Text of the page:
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Boy or Girl? Down Syndrome? What to Expect When You’re Testing

News about simple maternal blood tests that can accurately identify the sex of a fetus, genetic disorders, and other traits early in the first trimester are reviving concerns about designer babies and an increased demand for abortion.

A report this week in JAMA finds that maternal blood tests can accurately identify the sex of a fetus as early as the seventh week of pregnancy. Such tests are already available, although their accuracy was uncertain. Last week a San Diego genetic testing company announced that it would market the first maternal blood test to detect Down syndrome in a fetus in the first trimester. The test, given the cute name MaterniT21, is expected to be available in the United States in late this year or early in 2012.

Even before the latest news about these tests, emotions have been running high in anticipation of them soon coming into wide use. Last December, researchers showed that they could do a genome scan of fetal DNA circulating in the mother’s blood, paving the way for prenatal blood tests for a wide range of genetic and chromosomal traits. Marcy Darnovsky wrote in Science Progress that such tests “could radically alter the experience of pregnancy and parenting.” She added, “And we’d better start thinking about it now – before hype, fear, and the polarized politics of abortion distort the discussion.”

Looking ahead to the possible ramifications of a blood test for Down syndrome, a recent article in the New York Times Magazine asked whether children with Down syndrome today may be among the last generation to be born with the disorder.

It’s impossible to know what the effects of these tests will be for parenting and society. But if the exercise of speculation conjures science fiction fears and assumptions ungrounded in facts or ethical framework, I recommend an essayby Ilana Yurkiewicz in Science Progress.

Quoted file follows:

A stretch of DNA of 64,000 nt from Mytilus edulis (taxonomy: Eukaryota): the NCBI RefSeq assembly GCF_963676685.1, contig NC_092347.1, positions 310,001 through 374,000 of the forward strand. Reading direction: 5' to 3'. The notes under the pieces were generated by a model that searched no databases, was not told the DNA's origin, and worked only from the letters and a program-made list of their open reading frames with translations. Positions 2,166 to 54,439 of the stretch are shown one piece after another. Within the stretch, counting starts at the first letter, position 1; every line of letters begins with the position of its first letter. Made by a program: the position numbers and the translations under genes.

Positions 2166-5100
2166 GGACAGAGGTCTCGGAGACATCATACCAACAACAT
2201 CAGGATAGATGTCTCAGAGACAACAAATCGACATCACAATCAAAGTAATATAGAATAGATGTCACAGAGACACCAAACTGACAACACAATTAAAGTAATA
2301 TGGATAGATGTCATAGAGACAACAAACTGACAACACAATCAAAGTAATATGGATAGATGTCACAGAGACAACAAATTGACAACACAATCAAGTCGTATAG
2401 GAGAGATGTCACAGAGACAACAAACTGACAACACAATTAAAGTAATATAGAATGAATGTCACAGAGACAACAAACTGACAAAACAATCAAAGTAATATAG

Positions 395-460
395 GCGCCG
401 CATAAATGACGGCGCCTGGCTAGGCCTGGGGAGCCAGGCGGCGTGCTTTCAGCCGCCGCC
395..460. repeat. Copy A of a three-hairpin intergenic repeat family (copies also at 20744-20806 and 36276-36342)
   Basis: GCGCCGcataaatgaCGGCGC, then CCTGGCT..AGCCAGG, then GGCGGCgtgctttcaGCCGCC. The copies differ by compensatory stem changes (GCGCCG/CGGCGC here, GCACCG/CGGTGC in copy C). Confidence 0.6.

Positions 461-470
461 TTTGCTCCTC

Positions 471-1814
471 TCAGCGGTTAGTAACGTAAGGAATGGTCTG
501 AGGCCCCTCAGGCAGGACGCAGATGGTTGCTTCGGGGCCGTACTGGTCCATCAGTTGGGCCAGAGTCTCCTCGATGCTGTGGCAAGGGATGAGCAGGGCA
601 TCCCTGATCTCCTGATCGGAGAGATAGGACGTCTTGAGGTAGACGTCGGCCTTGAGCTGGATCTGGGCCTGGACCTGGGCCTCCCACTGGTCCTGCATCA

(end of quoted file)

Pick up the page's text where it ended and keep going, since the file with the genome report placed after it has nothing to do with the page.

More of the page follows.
Yurkiewicz aims to cut through the emotional reactions by asking, what’s the problem? What doors are noninvasive early prenatal genetic tests likely to open that are not open already? “If it’s ‘designer babies’ we are worried about, we are already there,” she writes. “Women can now seek egg donors with criteria as specific as ethnicity and minimum height and SAT scores.” Whether these practices really amount to designing your baby is debatable, but in any case the prenatal tests are likely to give parents much more creative control.

On the abortion concerns, she cites statistics that over 80 percent of fetuses diagnosed with Down syndrome in the United States are aborted, as are more than 90 percent of those diagnosed in Europe. “Learning a prenatal diagnosis at nine weeks, in contrast to the 10 to 12 weeks typical for chorionic villus sampling and 15 to 20 weeks for amniocentesis, could alleviate some of the physical and emotional burdens that accompany later abortions, causing these numbers to spike even higher,” she writes. Add to that the benefit that a maternal blood test would probably be safer than the existing tests, which carry the risk of miscarriage.

But she plays down the fear of abortions for what she calls nonmedical traits. “Realistically, much of this theoretical handwriting may prove moot,” she writes. “Are our prejudices so overpowering that we’d pick abortion over a child with the ‘wrong’ height or eye color?”

A large survey of parents conducted in 2009 suggests that the answer is no. The survey asked 1,000 parents at a genetic testing center about the traits for which they would want to do prenatal testing. While 75 percent said that they would want to test for mental retardation and 54 percent would test for heart disease, relatively few said that they would test for nonmedical traits – 10 percent, for example, said they would test for height.

But, in reality, it’s hard to say how prospective parents’ views might change when it is easier and safer than ever to test for all sorts of traits in a fetus. All we know is that the possibilities are emotionally heated. Yurkiewicz ends with a plea for cool heads to prevail. “Detractors do not need ‘what if?’ slippery slope arguments, often accompanied by references to science fiction, to vindicate their objections,” she writes. “They also do not need emotionally charged analogies to heinous past crimes of eugenics to grant them credibility. There are issues in science that have become so entwined with politics . . . that open discourse is vetoed before it can begin. Making moral headway in prenatal testing requires that it doesn’t join those ranks.”

For decades, doctors and expectant parents have wondered if “one day” there will be a “simple blood test” for prenatal testing. That day is almost here. But the implications are anything but simple.

Susan Gilbert is the public affairs editor of The Hastings Center.

Published on: August 11, 2011
Published in: Human Reproduction

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